Cold streaks are great fodder for gallows humor on Twitter. Sometimes it’s just too tempting to deflect “it’s early” responses and make sweeping judgments.
In an 82-game NHL season, though? Even the best of teams will go through peaks and valleys.
And, don’t forget, there are only so many goals to go around in any one hockey game. (Yes, even against the woeful Chicago Blackhawks.)
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This post examines cold streaks for key players like Auston Matthews and Nikolaj Ehlers. Team-wide headaches also go under the microscope.
When you zoom out, the message should be clear. Raise an eyebrow, maybe furrow a brow, do both at once if you’re committed. But don’t panic.
Matthews’ slump, and the Maple Leafs’ overall struggles
Being that he’s recovering from wrist surgery, maybe it shouldn’t be surprising that Auston Matthews has zero goals through three games. But it’s not for a lack of trying — or shooting.
In just three games, Matthews fired 17 shots on goal. During his season debut, Matthews fired eight SOG, and was painfully close to his first goal of 2021-22 more than once. Through three games, he’s credited with a blistering 30 shot attempts.
With 41 goals in just 56 games, Matthews won his first Maurice Richard Trophy last season. He also probably set the bar a little too high. It would be a greater concern if Matthews was trigger-shy, or failing to get any chances. Instead, he just needs a bounce.
The key with Matthews’ lack of goals is, simply, to be patient. Unfortunately, when it comes to hockey anxiety, Toronto’s amplifiers go to 11. Ultimately, Maple Leafs fans and media really shouldn’t even point at Matthews’ zero goals.
Update: Just 3:25 into Monday’s Hurricanes – Maple Leafs game, Matthews scored his first goal of the season.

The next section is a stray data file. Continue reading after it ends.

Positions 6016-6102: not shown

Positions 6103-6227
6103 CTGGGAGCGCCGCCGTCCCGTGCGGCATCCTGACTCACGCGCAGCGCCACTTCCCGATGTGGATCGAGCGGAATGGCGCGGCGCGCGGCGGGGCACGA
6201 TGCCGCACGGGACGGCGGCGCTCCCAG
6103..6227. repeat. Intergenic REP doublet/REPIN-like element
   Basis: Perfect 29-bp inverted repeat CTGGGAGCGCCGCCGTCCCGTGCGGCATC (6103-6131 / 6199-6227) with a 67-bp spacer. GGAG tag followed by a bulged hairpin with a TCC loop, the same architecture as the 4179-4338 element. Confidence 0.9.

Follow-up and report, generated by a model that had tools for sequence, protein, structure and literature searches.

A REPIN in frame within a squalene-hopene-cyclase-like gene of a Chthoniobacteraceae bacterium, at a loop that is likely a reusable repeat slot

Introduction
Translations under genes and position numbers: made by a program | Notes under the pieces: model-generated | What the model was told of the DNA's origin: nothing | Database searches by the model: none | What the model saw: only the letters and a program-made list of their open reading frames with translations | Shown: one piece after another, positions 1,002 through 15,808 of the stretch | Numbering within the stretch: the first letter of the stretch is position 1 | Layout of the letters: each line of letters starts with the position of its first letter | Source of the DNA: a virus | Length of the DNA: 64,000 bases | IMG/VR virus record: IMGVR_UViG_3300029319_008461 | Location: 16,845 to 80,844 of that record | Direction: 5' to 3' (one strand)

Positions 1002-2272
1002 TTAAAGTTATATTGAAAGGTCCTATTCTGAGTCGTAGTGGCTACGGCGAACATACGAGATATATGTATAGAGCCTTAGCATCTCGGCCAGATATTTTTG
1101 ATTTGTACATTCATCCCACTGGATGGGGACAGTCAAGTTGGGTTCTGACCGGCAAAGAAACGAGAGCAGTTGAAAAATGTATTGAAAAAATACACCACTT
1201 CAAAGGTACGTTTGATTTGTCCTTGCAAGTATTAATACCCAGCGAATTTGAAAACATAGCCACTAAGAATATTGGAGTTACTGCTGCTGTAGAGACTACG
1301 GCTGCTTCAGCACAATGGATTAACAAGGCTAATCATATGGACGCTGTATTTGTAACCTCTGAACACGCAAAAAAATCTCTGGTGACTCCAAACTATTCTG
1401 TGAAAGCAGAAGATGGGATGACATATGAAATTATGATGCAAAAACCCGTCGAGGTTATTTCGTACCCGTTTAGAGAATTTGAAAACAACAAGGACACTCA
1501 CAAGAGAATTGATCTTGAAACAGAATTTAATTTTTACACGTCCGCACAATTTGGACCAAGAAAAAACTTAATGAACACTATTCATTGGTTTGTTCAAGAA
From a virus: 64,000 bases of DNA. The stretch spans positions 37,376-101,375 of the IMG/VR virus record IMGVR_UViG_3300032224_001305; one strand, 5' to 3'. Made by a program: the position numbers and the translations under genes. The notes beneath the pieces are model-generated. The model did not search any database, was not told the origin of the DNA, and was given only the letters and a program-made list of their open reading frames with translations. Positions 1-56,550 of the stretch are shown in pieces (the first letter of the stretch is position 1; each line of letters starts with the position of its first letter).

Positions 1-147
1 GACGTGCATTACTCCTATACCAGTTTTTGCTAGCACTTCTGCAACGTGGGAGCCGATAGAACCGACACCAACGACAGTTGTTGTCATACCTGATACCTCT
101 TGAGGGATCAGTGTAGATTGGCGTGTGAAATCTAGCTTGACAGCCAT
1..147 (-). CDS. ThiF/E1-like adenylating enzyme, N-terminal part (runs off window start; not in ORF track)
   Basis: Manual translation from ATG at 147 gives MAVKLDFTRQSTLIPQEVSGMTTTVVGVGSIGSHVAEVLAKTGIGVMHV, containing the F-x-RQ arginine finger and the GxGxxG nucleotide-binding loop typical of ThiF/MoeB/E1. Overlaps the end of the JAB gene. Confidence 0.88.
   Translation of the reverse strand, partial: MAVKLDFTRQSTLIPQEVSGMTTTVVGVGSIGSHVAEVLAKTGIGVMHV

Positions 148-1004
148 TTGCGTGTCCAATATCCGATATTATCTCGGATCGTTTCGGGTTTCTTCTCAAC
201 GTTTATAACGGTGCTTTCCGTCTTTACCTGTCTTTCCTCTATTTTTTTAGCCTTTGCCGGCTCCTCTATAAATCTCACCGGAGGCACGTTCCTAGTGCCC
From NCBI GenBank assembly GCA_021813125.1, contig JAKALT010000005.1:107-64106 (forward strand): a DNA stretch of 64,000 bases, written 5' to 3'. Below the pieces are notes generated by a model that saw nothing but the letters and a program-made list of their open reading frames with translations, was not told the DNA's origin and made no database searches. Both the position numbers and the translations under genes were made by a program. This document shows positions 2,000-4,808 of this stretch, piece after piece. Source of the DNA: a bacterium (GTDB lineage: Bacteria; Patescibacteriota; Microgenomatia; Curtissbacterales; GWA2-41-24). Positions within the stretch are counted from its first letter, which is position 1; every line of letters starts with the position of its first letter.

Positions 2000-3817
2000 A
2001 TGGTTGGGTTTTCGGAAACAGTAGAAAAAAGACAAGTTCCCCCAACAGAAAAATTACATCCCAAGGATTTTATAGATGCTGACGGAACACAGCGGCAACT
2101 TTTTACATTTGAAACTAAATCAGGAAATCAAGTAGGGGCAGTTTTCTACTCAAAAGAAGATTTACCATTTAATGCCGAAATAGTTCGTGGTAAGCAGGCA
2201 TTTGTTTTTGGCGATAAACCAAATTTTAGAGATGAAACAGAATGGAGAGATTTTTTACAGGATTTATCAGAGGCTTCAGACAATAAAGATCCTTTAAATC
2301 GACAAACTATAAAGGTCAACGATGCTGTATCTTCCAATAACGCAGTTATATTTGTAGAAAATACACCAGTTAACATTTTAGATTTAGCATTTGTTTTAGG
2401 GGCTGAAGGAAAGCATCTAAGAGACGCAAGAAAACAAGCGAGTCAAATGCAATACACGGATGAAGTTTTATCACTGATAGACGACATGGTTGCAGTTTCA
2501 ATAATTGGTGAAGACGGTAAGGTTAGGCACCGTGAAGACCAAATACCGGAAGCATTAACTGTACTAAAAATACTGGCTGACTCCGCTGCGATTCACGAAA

Now, Mitch Marner being limited to zero goals and one assist through six games? A bit more worrisome, considering how the playoff collapse seemed to affect him. Ultimately, the points will probably come for Marner.
Personally, I’d be most concerned about the Maple Leafs’ power play. The unit’s converting at just a 15.79-percent rate this season. That’s after being at 20-percent in 2020-21, a hair above league-average. Both represent notable drop-offs from their explosive 2019-20 rate of 23 percent.
Maybe it’s just a matter of Matthews breaking through, and offense flowing through that relief. Considering the premium talent (and premium prices) on the Maple Leafs’ roster, they need to find answers soon.
Nikolaj Ehlers is not one of the Jets’ hottest shooters
With six goals (and nine points) in five games, Jets sniper Kyle Connor is red-hot. Pierre-Luc Dubois‘ puck luck has been even kinder (his four goals come on just eight SOG [50 shooting percentage], while Connor is unsustainable but at least on Earth [27.3 percent]).
Nikolaj Ehlers would kindly request that Dubois and Connor share some of that good fortune.
Despite firing 22 SOG, Ehlers hasn’t managed to score a goal this season. Those 22 SOG are the most of any player without a goal.
Luckily, Ehlers and Jets coach Paul Maurice aren’t panicking about the lack of goals. At least not yet. Their comments instead fixate on Ehlers getting more chances from the inside, rather than low-percentage, perimeter shots.